The United States is facing a child mental health crisis, and Montana is no exception. Untreated or undertreated child and adolescent emotional-behavioral problems often lead to psychiatric disorders in adults, representing a significant public health problem. In fact, mental illness is the No. 1 cause of disability in the U.S. and in Canada, according to the World Health Organization.

By the time our youth turn 19 years old, about 50 percent will have experienced a treatable emotional-behavioral problem. This doesn’t mean that half of our kids need to be medicated — it simply means that a significant proportion of our children and adolescents are at risk for further problems in functioning if untreated.

According to the 2013 Montana Youth Risk Behavior Survey, about 1 in 13 high school students attempted suicide last school year. Based on national statistics, 80 percent of youth who struggle with mental illness go untreated. Interestingly, 75 percent of youth who are able to access treatment do so in a school setting. The number may be even higher in Montana thanks to the Comprehensive School and Community Treatment teams that are present in more than a third of public schools.

We’ve known for decades that genes and the environment interact to either protect us from or make us vulnerable to disease. Fortunately, recent powerful public health studies are yielding data that help us to better understand the conditions in childhood that can make the development of emotional-behavioral problems more likely.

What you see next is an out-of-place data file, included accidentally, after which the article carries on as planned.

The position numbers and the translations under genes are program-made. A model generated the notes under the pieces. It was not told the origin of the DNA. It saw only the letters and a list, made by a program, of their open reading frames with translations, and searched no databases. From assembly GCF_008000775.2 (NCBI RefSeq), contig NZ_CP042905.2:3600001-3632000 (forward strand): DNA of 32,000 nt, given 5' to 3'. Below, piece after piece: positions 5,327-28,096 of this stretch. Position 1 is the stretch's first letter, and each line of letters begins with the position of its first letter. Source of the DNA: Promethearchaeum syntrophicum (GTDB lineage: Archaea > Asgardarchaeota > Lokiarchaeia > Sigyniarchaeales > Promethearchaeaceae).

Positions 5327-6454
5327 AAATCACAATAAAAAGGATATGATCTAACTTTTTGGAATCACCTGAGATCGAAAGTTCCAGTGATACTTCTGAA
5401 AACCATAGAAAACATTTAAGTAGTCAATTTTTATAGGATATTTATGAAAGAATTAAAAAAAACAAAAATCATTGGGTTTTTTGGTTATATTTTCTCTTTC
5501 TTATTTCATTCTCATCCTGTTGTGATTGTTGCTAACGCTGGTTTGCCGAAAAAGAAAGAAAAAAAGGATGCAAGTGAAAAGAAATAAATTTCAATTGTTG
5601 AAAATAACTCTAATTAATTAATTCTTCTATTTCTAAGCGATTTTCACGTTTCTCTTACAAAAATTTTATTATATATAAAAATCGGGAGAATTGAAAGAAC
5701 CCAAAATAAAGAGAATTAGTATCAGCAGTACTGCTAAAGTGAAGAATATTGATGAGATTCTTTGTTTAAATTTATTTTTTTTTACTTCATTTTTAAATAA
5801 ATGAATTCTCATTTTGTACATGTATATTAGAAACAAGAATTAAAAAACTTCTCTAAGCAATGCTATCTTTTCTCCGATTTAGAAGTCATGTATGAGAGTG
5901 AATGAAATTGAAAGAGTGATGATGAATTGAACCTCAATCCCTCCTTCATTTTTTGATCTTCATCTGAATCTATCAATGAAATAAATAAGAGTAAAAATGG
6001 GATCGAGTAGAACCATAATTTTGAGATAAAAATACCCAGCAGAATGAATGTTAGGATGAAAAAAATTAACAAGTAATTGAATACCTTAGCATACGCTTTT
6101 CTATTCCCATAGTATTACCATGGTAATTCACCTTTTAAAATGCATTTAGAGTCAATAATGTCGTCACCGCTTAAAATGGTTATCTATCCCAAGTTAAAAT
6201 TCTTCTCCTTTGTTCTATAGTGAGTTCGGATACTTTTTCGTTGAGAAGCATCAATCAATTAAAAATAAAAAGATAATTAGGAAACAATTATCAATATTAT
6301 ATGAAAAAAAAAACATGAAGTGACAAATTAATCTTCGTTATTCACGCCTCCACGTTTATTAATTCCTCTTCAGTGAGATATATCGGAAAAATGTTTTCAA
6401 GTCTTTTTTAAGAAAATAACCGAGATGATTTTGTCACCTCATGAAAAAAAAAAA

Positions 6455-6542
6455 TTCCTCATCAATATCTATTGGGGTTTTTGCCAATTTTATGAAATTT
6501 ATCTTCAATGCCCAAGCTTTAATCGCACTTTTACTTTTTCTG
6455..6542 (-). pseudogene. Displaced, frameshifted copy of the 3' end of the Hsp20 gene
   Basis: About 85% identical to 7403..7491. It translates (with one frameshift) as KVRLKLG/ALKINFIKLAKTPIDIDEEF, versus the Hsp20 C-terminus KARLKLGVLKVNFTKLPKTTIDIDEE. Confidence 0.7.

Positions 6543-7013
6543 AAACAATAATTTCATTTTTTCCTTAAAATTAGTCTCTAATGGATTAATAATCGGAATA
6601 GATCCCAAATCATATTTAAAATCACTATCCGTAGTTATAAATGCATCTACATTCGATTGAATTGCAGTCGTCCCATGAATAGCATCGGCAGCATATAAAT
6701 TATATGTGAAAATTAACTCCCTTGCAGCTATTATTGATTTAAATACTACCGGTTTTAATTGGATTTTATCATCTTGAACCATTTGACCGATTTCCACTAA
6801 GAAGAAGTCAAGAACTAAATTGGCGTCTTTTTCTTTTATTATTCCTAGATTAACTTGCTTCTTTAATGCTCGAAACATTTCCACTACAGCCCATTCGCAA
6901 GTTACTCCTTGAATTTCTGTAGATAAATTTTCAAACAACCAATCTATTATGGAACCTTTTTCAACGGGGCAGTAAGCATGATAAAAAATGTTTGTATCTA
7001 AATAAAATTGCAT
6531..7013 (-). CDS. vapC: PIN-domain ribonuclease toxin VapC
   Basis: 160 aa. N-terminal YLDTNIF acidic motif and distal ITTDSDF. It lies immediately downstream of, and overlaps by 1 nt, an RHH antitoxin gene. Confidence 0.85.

The ACE Study is one of the most significant public health studies in recent history — ACE stands for “adverse childhood experiences.” The study showed that more than 60 percent of the population has been exposed to at least one adverse childhood experience, including various forms of abuse, neglect and family dysfunction. More importantly, the study showed that individuals with higher ACE scores (i.e. exposure to a higher number of adverse childhood experiences) are likely to struggle with poor physical and mental health throughout their lives.

Not surprisingly, childhood exposure to abuse, neglect, and family dysfunction causes emotional-behavioral problems long before these youth reach adulthood. A more recent study out of Spokane, Wash., demonstrated that elementary school students with elevated ACE scores are much more likely to struggle in school. Specifically, 80 percent of K-6 students with three or more adverse childhood experiences were facing academic problems.

Tackling the child mental health crisis requires collaboration across multiple systems: the family system, the school system, the health care system and the legal system. (About two-thirds of youth in juvenile detention facilities have a treatable psychiatric disorder.)

Fortunately, there are local efforts underway to educate professionals and the public about the impact of childhood emotional-behavioral problems on short- and long-term health. For example, the ChildWise Institute is sponsoring a two-day ACE Study Summit in Billings beginning May 29 at the Northern Hotel. Separately, representatives from local health care organizations recently convened to address the impact of adverse childhood experiences in our pursuit of higher quality patient care.

Improving access to child mental health services is the right thing to do and it is a cost-effective public health strategy. Early identification and treatment of children with high ACE scores can help prevent the development of future psychiatric and medical problems.

Eric Arzubi, MD, is a child and adolescent psychiatrist at Billings Clinic.

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